The tentacles of France’s obsession with equality run deep. It was originally an equality of the sexes and equality of the social status that was envisaged and enshrined in French law, long before the mass movement of peoples from different continents ever occurred to anyone.
Immigrants to France, especially those from the African sub-continent, arrived into a secular world in which they were apparently guaranteed equal education, and equal employment. The law said so.
In truth, it is so, in the bland world of the lawyers and legislators. Those early immigrants discovered an essential truth which is only just dawning in the UK. Neither law nor legislation changes the emotions in the hearts of those they seek to control.
The children of the Algerian immigrants were guaranteed a seat in their local school, guaranteed a teacher who taught them equally. Gained French citizenship. It was when they left school that the problems started. In theory they should have been eligible for any job. In practice the job interviews failed to materialise. True, in a few isolated cases, you may be able to show that you have been discriminated against, providing you have the time, money, and inclination to take on the arcane French legal system – but nothing could prevent the vast majority of Frenchmen from preferring to employ other Frenchmen.
The notorious banlieues – the ghetto communities clustered round the legs of the vast over ground motorways that speed you on your way South – at a price – began to fill up to bursting point with the flotsam and jetsam of a society that couldn’t get a job, was permanently broke, and mysteriously, almost exclusively black, and Muslim.
It is the hidden racism of France. Despite all the concessions made by the UK government towards a similar community – there is very little difference in the size or number of these ghettoes.
One thing that is different, as of this week, is the response of other countries, notably America, to this problem.
For America has decided that the French have abandoned their poor, black, Muslim neighbourhoods, and kindly Uncle Sam has stepped in to fill the breech. I am not sure it is an initiative that should bring cheer, nor how the British would feel if it was supplanted to, say, Bradford.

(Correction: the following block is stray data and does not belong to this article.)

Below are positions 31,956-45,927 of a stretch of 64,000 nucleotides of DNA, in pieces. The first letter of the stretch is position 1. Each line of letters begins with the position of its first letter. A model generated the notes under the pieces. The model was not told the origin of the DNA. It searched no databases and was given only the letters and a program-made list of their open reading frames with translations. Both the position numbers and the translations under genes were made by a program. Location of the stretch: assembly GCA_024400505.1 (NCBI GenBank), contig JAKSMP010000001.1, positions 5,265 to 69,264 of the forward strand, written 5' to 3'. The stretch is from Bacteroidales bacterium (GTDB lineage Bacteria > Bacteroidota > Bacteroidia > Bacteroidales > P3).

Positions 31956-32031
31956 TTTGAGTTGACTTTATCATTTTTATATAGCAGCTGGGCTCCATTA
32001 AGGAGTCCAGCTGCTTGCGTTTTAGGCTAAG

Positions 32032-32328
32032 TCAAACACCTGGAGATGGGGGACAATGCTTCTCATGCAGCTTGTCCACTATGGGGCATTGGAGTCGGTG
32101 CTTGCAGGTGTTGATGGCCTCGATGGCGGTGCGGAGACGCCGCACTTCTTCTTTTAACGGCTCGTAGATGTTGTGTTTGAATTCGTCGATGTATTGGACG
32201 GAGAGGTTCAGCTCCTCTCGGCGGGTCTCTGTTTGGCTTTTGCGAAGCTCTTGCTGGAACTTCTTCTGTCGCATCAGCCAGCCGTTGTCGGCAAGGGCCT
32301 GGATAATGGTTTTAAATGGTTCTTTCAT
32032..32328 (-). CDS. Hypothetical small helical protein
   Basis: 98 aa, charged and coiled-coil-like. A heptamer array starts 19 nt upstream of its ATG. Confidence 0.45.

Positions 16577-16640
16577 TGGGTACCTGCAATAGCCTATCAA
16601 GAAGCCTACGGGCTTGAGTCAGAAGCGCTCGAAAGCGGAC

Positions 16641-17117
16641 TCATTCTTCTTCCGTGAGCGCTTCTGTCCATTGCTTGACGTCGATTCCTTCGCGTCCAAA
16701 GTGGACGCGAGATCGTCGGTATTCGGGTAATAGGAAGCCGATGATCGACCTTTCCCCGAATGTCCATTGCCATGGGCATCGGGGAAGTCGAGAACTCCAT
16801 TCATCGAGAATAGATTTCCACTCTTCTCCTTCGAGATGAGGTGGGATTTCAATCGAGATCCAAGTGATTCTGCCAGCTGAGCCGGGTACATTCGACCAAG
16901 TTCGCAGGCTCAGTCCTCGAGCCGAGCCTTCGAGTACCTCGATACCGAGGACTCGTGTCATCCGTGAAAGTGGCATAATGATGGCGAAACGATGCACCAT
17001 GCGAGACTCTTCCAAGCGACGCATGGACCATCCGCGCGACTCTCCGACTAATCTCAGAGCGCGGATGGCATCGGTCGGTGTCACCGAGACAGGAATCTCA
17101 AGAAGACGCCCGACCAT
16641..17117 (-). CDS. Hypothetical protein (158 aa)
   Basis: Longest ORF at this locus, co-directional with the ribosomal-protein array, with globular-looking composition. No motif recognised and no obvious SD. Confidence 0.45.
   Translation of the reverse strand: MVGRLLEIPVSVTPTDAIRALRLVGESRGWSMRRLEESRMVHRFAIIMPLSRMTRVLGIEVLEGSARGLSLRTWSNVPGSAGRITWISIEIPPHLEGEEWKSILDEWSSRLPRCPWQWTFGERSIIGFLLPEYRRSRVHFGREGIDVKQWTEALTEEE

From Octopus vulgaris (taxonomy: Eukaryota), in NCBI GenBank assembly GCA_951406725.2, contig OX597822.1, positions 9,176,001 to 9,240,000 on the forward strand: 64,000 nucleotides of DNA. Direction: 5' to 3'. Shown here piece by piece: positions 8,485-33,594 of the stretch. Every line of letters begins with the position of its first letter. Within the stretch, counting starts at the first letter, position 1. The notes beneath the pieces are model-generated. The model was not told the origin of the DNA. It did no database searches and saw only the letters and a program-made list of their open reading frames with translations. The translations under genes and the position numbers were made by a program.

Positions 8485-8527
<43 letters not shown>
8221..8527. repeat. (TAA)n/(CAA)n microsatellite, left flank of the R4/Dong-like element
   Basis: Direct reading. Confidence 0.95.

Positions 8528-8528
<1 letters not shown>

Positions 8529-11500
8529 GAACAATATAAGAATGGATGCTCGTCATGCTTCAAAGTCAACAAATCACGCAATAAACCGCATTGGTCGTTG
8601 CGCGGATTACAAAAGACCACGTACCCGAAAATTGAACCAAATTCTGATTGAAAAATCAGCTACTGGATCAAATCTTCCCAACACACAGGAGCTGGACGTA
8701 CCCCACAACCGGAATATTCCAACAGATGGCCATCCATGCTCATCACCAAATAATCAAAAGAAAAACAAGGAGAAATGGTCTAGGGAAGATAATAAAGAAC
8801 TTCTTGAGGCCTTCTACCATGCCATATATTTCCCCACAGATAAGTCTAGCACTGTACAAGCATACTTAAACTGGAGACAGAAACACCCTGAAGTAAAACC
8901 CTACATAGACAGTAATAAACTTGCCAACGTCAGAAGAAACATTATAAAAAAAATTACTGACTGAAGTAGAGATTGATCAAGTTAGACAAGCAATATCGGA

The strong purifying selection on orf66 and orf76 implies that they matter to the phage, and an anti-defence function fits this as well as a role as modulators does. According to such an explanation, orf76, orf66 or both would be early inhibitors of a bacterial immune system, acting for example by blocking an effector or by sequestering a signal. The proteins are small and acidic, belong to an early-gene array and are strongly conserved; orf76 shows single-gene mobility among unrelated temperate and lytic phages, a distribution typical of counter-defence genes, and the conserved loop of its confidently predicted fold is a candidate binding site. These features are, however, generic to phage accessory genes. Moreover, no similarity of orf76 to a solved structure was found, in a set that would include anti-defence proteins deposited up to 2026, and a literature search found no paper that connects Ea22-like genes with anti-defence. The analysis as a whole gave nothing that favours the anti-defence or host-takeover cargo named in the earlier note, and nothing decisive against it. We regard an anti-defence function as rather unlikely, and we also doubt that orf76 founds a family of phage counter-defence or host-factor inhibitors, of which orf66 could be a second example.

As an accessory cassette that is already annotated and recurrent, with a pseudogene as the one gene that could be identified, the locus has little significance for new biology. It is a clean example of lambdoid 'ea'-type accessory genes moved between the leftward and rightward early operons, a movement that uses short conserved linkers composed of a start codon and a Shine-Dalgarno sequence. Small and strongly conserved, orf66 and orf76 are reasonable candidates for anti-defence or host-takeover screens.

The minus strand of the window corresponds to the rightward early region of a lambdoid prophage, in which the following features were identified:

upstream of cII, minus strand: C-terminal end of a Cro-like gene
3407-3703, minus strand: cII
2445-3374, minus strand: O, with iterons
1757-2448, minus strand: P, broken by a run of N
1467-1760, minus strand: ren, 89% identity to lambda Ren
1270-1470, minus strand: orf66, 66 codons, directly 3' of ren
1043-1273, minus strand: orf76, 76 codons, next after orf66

Since Barack Obama was elected, the United States Embassy in Paris has been running an ‘outreach’ programme in the ghettoes – heavily sub-titled ‘the French may have forgotten you, but Uncle Sam cares’.
With a budget of $3 million dollars, Uncle Sam has been on a hearts and minds campaign, importing popular American rap artistes, running seminars for budding local politicians, coaching them in communications, electoral strategy and fund raising, and organising ‘urban renewal programmes’.
On one level it is good to see the US spending its money on something other than bombing Muslims back into the third century, but on the other hand, are they not deliberately fostering and supporting an already explosive sense of being alienated from the state to which they should owe their allegiance?
The French governments response to ‘unrest’ – as the periodic car-B-ques and riots are politely referred to, is to contain the area, let the residents flambé as much of their own property as they wish, and then to denounce them as criminals. It is a no nonsense approach.
The American initiative is closer to the British idea of appeasement and compromise, but if, (as scarcely seems likely) the British government suddenly started to expect the so called ‘deprived areas’ to behave with decorum and respect towards their hosts, or face the consequences – how would the British feel about the US muscling in and saying in effect ‘There, there, we understand, Uncle Sam will give you some treats and baubles, even if your nasty government has put you on the naughty step’.
Previous American interference in sovereign nation’s affairs has been preceded by Exocet missiles, followed by the hearts and minds campaign.
This time the hearts and minds campaign is in the vanguard. I just hope they don’t follow it up with the Exocets if the French government doesn’t do as they want.